Diana Dors, my Grandma & Me

Image: Swindon Advertiser
To people of my generation, the name of Diana Dors conjures up images from 1970s comedies: a buxom, glamorous lady a little past her prime, camping it up as the dictator in a sketch serial from The Two Ronnies' TV programme, or as Adam Ant's fairy godmother in the Prince Charming video. For those a little older, she was the genuinely sexy star of British cinema of the 1950s and 60s, sold as Britain's answer to Marilyn Monroe and equally used and abused by those around her. Readers may remember salacious tales of sex parties and gangland connections, cheap, titillating films, drink and drugs.

She was hardly the kind of person my Grandmother would emulate. Grandma was quiet, domesticated, deeply faithful to her religion and not keen on people drinking. She loved family and loved to bake for us. Every week, we would visit and be provided with scones, custard tart, lemon curd cake, apple pie. You name it, she baked it for us. She once told me I baked a better cake than she did. Maybe that was true when she was in her eighties and still beating cake mix with a wooden spoon, but there was no way I could better her when she'd had more energy.

To come back to la Dors, then. Whilst everyone else associates her name with saucy humour, stylised glamour and a rather sad demise, in my family her name means just one thing - cake. Yes, cake. A boiled fruit cake to be exact. Every week for the last twenty years of her life, my Grandma made "Diana Dors cake." It was full of fruit, and benefitted from a good slathering of butter. I never questioned, as a child, how it came to have the name. It was just one of the things I accepted that adults said: "There's some Diana Dors cake in the pantry."


I finally got to understand the name after Grandma died. Among various bits and pieces she'd kept  under the cushion of her chair was a clipping from the Daily Express, in which Dors explained she liked nothing more than to cook this nice, homely cake for her son's tea, and it's so quick she can turn it out in an afternoon, before Jason gets home from school. However unlikely that sounds, various memoirists and biographers have commented that she did enjoy cooking, and a quick Google search will direct you to several recipes published in her name in similar manner to my cake.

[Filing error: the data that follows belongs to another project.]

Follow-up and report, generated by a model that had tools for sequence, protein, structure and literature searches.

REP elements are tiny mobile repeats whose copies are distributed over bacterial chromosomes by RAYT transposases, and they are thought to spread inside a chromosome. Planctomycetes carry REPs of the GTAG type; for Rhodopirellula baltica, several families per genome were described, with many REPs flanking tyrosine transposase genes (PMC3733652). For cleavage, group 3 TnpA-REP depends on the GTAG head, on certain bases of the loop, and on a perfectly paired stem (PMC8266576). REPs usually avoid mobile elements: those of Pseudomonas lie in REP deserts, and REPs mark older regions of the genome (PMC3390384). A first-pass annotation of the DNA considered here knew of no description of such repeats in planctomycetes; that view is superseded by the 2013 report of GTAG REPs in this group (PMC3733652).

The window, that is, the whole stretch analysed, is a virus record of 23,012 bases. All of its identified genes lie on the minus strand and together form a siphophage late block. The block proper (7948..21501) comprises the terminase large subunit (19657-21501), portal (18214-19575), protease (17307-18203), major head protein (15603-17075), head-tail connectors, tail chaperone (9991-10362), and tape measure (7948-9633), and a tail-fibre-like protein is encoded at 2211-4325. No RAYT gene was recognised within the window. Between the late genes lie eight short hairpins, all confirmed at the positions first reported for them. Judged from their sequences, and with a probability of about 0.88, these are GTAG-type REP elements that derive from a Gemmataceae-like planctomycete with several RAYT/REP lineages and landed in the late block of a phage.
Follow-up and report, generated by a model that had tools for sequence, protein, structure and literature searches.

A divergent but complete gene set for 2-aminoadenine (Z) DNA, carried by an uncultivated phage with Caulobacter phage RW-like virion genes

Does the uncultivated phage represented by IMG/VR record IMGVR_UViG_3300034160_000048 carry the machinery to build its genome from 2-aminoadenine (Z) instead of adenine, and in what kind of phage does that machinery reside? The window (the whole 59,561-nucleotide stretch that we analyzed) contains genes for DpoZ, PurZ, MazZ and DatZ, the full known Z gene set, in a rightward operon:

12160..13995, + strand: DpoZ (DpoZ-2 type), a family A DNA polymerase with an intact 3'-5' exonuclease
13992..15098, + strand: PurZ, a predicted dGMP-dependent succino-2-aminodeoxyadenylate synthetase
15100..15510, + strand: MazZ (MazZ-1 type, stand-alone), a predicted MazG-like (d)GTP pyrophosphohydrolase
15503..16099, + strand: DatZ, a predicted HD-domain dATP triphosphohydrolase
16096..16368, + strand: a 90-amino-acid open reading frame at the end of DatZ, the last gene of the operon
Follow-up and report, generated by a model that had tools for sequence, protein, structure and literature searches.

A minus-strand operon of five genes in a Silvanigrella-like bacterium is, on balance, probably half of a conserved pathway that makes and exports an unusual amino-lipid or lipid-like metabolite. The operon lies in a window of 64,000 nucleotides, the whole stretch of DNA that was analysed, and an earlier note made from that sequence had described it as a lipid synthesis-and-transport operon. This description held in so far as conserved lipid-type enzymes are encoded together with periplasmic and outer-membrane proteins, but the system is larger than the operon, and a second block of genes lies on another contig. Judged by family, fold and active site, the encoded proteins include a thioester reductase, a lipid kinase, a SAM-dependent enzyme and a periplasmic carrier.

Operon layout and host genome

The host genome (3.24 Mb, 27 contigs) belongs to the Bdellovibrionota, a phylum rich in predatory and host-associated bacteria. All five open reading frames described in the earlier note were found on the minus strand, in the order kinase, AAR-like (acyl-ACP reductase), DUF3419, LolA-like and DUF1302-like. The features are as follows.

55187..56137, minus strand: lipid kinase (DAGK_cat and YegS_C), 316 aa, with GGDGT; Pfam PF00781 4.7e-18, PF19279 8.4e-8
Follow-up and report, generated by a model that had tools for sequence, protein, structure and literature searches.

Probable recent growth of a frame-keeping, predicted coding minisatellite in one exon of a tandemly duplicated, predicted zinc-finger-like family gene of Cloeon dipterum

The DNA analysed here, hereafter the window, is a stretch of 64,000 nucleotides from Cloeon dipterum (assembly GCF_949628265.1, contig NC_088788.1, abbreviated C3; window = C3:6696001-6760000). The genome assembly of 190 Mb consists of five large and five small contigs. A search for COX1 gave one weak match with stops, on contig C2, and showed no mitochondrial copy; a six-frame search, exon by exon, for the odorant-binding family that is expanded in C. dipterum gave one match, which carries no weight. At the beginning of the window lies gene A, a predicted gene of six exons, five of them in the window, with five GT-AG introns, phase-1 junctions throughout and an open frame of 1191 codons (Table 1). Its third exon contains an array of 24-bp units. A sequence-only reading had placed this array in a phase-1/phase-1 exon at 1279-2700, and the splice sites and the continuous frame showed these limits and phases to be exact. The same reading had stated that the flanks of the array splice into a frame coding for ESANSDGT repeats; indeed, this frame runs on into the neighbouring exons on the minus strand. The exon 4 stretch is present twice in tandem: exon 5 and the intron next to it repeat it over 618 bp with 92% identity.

The cake itself is very simple to make. The only technical issue, really, is to make sure the fruit mix cools completely before you add the egg and flour. If you add it to warm fruit, you'll lose all the air too quickly and end up with a solid but delicious brick.

Diana Dors Cake

12oz mixed dried fruit
4oz butter
4oz sugar
1/4 pt cold tea
1 egg, beaten
8oz self-raising flour


  • Put the fruit, sugar, butter and tea in a saucepan and bring to a simmer. Simmer very gently for half an hour. Set aside and allow to cool.
  • Pre-heat the oven to gas #3, 165C.
  • When the mixture is cool, stir in the egg. Sift in the flour and fold it into the fruit mix.
  • Tip the mixture into a greased loaf tin and bake for 90 minutes, or until a skewer comes out clean.
  • Let it cool in the tin for 10 minutes or so, then turn out onto a wire rack to finish cooling.



When you're cooking the fruit, it could soak in a little or a lot of liquid, depending on what fruit is in the mix or how long you've had it in. If the batter feels very stiff when you've added the flour, you can add a tablespoon or so of cold tea or milk to loosen it a bit. Wrapped in waxed paper or kept in an airtight container, the finished cake will keep very well for over a week. It is a naturally dry cake, which is why spreading it with butter helps. You could, of course, leave it dry and have it as a mid-morning treat with a glass of sweet Madeira.


Next time: a Dream cocktail

Comments

  1. Yummy. I always liked DD. What a great food memory. Might have a go at this. Thsnk you.

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    Replies
    1. Thank you. It's a good cake to have in and always makes me feel loved.

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